Unless the court in its order for dismissal otherwise specifies, a dismissal under this subdivision and any dismissal not provided for in this rule, other than a dismissal for lack of jurisdiction, for improper venue, or for failure to join a party under Rule 19, operates as an adjudication upon the merits.

    Since this case does not fall within the enumerated exceptions, it was dismissed on the merits.

    Appellants also argue that in Rennie there was no statute of limitations problem, as there is here. They contend the statute of limitation is the "substantial justification" the Rennie court envisioned as justifying failure to join state claims to federal actions, citing the following language.

    Since plaintiff has failed to advance any substantial justification for having neglected to attempt joinder of the present claim in the prior federal court action, where it could have been finally adjudicated, we hold that the judgment there bars this action under res judicata.

    Id. at 927.

    This language is not persuasive in light of several other passages in the opinion. Rennie also held:

    To the extent that a given state of facts is susceptible to alternative interpretation and analysis, plaintiff must seek and exhaust all alternative grounds or theories for recovery in one action.

    Id. at 921.

    The court explained "claim preclusion" as broader than traditional notions of res judicata in that it bars prosecution of claims which have never been litigated between the parties. Id. at 921. Restatement (Second) of Judgments §§ 17, 24-25 (1982) notes that claim preclusion is based upon, and limited by, the ability of plaintiff under modern liberalized joinder-of-claims rules to present all of his or her claims in one proceeding. Therefore, the court held that judgment precluded plaintiff from seeking other remedies based on the same facts. Id. at 922.

    Here, appellants' filing of their state claim within a one year statute of limitations in no way prohibited them from requesting the federal court to invoke pendent jurisdiction. Therefore, claim preclusion or res judicata is not limited by appellants' statute of limitations argument.

    This conclusion recognizes that under the broad joinder provisions of our modern rules of procedure appellants have a convenient vehicle for presenting the federal courts with their several theories of relief. It also is consistent with public policy favoring judicial economy through the adjudication *335 of all claims arising out of the same transaction or occurrence in one action.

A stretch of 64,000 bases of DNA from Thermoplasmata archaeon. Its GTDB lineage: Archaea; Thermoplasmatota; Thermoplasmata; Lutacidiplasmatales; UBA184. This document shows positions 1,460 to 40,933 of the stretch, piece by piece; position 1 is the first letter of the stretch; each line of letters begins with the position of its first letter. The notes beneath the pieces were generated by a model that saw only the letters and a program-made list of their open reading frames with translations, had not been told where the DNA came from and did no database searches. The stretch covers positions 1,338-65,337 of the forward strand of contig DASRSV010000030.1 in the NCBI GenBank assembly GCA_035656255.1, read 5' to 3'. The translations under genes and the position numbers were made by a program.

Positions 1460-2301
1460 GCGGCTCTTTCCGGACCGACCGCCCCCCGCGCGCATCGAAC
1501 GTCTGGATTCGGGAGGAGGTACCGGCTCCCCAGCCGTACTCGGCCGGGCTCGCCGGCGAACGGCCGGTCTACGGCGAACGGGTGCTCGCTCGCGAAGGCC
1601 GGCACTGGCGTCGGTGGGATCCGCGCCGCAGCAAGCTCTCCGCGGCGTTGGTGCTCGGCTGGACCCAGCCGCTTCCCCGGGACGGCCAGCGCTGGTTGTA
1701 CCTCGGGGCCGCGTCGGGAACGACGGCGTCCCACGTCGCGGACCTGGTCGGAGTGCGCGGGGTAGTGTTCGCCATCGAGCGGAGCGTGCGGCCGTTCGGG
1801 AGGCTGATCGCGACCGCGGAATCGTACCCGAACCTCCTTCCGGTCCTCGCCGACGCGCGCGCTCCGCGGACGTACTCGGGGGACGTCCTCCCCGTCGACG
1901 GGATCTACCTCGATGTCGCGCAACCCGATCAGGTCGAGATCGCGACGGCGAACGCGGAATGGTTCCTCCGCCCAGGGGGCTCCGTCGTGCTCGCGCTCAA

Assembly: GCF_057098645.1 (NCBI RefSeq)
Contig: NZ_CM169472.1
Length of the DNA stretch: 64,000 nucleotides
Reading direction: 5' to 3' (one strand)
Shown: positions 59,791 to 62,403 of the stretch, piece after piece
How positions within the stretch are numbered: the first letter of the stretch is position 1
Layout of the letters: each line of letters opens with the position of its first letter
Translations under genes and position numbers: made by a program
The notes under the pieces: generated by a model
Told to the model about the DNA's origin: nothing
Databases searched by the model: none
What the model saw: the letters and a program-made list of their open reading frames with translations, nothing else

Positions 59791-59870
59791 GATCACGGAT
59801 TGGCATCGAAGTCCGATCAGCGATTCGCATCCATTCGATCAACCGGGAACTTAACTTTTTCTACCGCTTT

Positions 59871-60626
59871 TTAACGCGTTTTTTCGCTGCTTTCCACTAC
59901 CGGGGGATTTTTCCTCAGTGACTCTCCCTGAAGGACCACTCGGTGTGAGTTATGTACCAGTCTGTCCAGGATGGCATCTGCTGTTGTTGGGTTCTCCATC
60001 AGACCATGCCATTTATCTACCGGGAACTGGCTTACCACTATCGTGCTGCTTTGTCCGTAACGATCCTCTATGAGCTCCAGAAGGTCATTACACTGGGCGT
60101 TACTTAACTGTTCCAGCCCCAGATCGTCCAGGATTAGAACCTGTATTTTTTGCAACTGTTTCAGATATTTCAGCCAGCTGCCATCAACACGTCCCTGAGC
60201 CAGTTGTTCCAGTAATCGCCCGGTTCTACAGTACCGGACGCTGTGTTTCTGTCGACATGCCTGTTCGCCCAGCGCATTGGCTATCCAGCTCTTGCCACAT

In Harper Plastics, Inc. v. Amoco Chemicals Corp., 657 F.2d 939 (7th Cir. 1981), the court enjoined a plaintiff from bringing a state contract action when the litigant did not invoke pendent jurisdiction to hear that claim in an earlier federal antitrust action. The court found that plaintiff had a full opportunity to present his state claim in the federal action, but failed to do so. By so failing, he split his cause of action and was barred from starting a new state action. The court rationalized this conclusion by saying:

    The uncertainty over whether a trial judge would exercise pendent jurisdiction does not justify permitting the institution of a multiplicity of proceedings which may have the effect of harassing defendants and wasting judicial resources. If appellant entertained any doubts at the pleading stage, they should have been resolved in favor of joinder.

    Id. at 946.

    Despite this precedent, appellants argue that it was error to dismiss the state action on grounds of res judicata because the federal judge found the two actions did not involve the same cause of action. The federal court said "it does not appear that the state court action is substantially the same as the federal action." Order, September 27, 1977.

    This language was contained in a memorandum order denying plaintiff's motion to stay federal proceedings pending resolution of state court claims. The judge was never asked to consider the propriety of pendent jurisdiction and never considered the state action in that context. Therefore, the language is not binding.

    The modern approach to determining whether identical claims are asserted in two lawsuits is the "same transaction" test. Movie Systems, Inc. v. Abel, 99 F.R.D. 129 (D.Minn.1983). This is met if the same operative nucleus of facts is alleged in support of the claims. Applying this test, the trial court found the same facts gave rise to claims under two theories of relief; federal and state law. This finding is not clearly erroneous.


    We affirm.